Original Air Date: May 25, 2016
    An atomic cloud billows, following the explosion of the first atomic bomb to be used in warfare in Hiroshima, Japan, in this handout photo taken by U.A. Army on August 6, 1945, and distributed by the Hiroshima Peace Memorial Museum. The word written on the photo are from source. Mandatory credit REUTERS/U.S. Army/Hiroshima Peace Memorial Museum/Handout via Reuters ATTENTION EDITORS - THIS IMAGE WAS PROVIDED BY A THIRD PARTY. EDITORIAL USE ONLY. NO RESALES. NO ARCHIVE. MANDATORY CREDIT. SEARCH "HIROSHIMA ARCHIVE" FOR THIS STORY. SEARCH "THE WIDER IMAGE" FOR ALL STORIES - RTSF5H2
  • Why Clinton’s email woes are deemed worse than predecessors’
    The State Department’s report condemning Hillary Clinton has brought the debate over her conduct as Secretary of State back to the forefront of the political landscape, and throws the race for the White House into uncharted territory. Judy Woodruff talks to Rosalind Helderman of The Washington Post about the details of the report and and why Clinton’s violations are worse than her predecessors’.
    Original Air Date: May 25, 2016
    Democratic presidential candidate Hillary Clinton testifies before the House Select Committee on Benghazi, on Capitol Hill in Washington October 22, 2015. The congressional committee is investigating the deadly 2012 attack on the U.S. diplomatic mission in Benghazi, Libya, when Clinton was the secretary of state.         REUTERS/Jonathan Ernst - RTS5OT6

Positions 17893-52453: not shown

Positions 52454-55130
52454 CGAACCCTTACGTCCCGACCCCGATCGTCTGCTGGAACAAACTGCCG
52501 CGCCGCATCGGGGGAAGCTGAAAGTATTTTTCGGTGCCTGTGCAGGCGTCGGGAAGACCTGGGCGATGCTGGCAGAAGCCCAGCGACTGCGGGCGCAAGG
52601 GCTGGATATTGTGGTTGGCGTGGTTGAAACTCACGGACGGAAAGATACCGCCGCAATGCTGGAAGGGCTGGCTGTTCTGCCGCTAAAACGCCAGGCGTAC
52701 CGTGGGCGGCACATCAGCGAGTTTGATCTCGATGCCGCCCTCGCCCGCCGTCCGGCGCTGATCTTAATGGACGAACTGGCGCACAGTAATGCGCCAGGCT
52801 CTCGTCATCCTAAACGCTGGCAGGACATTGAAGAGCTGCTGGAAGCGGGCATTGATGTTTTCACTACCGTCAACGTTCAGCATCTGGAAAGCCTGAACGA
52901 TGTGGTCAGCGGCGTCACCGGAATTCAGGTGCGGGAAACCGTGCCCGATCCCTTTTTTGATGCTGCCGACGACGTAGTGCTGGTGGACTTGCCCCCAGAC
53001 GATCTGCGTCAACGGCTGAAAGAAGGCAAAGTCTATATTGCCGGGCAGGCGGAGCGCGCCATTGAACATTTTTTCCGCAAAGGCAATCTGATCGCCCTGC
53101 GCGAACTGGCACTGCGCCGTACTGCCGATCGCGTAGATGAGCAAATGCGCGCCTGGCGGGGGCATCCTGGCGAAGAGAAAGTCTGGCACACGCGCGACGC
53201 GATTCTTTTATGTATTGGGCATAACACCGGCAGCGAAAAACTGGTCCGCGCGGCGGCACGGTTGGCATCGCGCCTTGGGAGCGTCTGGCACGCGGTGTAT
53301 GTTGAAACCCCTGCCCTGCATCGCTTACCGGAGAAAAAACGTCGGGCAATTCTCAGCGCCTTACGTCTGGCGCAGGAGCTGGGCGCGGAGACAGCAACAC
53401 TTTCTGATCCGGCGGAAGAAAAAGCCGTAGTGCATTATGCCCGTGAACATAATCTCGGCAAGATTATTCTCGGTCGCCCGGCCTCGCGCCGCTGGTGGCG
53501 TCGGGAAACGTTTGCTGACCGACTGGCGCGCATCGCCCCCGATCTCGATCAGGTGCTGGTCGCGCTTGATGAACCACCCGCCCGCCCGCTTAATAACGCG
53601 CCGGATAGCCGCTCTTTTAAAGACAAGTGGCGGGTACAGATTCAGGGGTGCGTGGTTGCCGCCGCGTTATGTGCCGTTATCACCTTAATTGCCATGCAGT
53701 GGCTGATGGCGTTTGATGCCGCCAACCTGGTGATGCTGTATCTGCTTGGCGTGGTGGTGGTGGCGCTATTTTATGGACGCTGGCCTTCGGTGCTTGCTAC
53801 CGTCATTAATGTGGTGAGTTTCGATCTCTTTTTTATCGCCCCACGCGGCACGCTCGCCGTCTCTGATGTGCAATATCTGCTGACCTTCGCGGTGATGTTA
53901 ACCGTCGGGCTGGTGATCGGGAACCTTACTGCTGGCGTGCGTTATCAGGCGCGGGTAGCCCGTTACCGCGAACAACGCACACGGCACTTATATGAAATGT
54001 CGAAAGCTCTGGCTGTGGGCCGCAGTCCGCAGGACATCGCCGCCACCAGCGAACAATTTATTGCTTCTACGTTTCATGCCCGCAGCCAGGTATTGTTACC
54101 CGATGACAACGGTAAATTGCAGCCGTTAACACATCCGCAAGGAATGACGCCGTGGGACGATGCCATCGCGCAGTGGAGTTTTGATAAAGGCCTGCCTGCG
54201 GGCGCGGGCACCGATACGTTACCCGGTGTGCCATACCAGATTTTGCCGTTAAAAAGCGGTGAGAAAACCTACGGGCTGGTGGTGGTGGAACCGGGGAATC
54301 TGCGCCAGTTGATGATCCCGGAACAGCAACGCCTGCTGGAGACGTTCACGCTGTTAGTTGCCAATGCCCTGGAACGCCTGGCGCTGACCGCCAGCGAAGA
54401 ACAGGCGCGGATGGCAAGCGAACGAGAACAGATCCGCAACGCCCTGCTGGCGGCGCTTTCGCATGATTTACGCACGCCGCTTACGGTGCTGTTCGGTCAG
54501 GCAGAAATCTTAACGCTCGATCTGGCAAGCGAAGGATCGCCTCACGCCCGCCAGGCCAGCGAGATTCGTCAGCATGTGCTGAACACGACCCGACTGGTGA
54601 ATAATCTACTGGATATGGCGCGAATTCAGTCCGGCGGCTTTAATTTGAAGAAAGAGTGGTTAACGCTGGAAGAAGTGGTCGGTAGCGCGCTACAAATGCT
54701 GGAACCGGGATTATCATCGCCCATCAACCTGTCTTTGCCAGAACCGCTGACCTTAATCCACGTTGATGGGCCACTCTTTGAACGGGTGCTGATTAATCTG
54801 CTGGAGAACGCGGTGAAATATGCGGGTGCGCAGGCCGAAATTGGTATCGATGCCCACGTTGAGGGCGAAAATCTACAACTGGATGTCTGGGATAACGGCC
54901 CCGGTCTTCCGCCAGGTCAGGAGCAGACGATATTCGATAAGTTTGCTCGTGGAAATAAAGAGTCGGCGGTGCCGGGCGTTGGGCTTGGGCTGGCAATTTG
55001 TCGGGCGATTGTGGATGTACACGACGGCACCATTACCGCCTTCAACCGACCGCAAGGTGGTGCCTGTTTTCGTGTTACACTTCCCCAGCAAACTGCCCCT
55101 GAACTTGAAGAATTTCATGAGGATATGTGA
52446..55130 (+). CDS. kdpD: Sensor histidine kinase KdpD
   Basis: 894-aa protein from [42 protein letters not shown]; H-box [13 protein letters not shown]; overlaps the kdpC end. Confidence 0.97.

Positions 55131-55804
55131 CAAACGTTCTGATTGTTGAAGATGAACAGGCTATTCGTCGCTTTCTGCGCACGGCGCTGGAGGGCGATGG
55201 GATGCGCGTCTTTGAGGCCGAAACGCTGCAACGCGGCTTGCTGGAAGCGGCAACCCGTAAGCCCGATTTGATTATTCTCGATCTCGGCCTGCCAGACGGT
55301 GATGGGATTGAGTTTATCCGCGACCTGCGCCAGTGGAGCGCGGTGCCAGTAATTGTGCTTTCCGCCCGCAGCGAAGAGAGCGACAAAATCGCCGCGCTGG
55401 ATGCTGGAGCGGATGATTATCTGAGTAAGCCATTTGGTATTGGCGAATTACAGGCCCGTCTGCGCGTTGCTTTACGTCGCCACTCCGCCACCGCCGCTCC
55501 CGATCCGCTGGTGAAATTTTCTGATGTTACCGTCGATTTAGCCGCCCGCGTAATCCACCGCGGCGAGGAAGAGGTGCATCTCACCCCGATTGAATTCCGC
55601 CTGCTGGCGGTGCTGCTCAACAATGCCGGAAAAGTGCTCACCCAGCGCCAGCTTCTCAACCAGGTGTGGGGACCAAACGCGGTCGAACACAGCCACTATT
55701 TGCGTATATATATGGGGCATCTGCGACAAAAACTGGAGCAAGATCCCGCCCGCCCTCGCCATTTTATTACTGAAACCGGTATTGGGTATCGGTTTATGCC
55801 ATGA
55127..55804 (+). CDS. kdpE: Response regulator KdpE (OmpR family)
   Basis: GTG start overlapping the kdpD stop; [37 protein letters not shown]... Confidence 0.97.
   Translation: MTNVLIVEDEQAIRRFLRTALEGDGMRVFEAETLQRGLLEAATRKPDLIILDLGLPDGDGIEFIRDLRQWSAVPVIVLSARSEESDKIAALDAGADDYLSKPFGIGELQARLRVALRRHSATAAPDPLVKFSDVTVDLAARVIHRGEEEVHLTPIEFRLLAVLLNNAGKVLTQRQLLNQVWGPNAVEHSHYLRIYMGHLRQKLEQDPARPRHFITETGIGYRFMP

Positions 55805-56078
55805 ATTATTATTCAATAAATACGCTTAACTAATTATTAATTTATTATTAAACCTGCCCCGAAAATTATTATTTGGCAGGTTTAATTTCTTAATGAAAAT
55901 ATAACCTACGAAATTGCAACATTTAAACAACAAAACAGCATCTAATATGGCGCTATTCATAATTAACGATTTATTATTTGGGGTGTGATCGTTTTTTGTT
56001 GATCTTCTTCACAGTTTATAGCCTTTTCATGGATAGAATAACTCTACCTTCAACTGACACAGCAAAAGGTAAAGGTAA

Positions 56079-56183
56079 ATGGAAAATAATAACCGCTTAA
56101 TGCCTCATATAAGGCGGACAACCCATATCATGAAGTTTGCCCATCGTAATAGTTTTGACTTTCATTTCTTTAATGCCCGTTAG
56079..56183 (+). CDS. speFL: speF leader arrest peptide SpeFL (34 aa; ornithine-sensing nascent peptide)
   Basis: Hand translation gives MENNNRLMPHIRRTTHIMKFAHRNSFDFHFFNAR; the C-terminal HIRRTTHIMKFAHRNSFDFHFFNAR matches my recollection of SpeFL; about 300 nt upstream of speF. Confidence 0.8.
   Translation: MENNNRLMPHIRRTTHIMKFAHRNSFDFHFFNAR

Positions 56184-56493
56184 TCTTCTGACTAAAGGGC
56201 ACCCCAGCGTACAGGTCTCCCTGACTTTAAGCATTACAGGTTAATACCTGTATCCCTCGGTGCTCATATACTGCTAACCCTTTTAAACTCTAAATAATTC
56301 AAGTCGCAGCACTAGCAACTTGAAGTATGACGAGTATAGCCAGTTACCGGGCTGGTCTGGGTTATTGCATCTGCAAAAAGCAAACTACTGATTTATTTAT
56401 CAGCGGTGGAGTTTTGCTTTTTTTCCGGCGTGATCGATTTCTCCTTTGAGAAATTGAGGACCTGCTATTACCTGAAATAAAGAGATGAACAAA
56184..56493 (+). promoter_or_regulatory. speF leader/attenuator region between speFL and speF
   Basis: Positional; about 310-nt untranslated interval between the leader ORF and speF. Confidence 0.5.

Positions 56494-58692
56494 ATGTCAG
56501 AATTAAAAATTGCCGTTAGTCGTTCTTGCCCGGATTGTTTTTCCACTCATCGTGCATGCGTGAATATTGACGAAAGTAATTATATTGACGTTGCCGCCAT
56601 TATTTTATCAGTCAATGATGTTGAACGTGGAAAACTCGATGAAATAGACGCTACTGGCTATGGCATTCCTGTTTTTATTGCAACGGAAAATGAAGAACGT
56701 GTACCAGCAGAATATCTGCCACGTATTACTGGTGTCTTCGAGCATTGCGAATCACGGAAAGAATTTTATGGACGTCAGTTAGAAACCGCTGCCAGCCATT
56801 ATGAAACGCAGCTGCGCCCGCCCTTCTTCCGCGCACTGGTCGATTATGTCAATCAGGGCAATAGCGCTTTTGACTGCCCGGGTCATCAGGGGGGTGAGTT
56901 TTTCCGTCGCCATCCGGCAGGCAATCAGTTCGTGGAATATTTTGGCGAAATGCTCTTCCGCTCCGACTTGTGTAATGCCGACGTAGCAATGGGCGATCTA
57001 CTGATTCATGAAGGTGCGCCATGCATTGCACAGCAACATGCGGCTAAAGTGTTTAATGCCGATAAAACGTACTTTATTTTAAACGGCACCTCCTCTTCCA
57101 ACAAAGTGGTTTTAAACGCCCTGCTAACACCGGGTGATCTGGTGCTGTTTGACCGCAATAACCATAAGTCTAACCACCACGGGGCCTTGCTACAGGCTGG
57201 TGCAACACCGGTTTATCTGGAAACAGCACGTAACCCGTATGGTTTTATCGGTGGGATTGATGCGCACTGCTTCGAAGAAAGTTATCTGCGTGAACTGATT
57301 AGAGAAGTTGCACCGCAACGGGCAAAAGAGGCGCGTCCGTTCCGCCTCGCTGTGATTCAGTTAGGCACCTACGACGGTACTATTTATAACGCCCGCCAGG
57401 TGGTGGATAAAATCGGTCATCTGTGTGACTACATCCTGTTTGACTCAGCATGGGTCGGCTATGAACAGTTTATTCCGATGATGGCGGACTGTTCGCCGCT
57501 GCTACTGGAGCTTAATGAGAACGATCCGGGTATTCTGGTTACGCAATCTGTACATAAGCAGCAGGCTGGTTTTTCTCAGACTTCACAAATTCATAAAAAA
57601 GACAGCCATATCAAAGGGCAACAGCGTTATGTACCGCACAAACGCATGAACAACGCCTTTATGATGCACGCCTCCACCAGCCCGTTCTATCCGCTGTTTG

• News Wrap: State Dept. watchdog slams Clinton over emails
    In our news wrap Wednesday, a leaked audit from the State Department’s inspector general concluded that Hillary Clinton violated federal standards by using a private email server during her tenure as Secretary of State. Also, eleven states filed suit against the Obama administration over its directive that public schools allow transgender students to use the bathroom that matches their identity.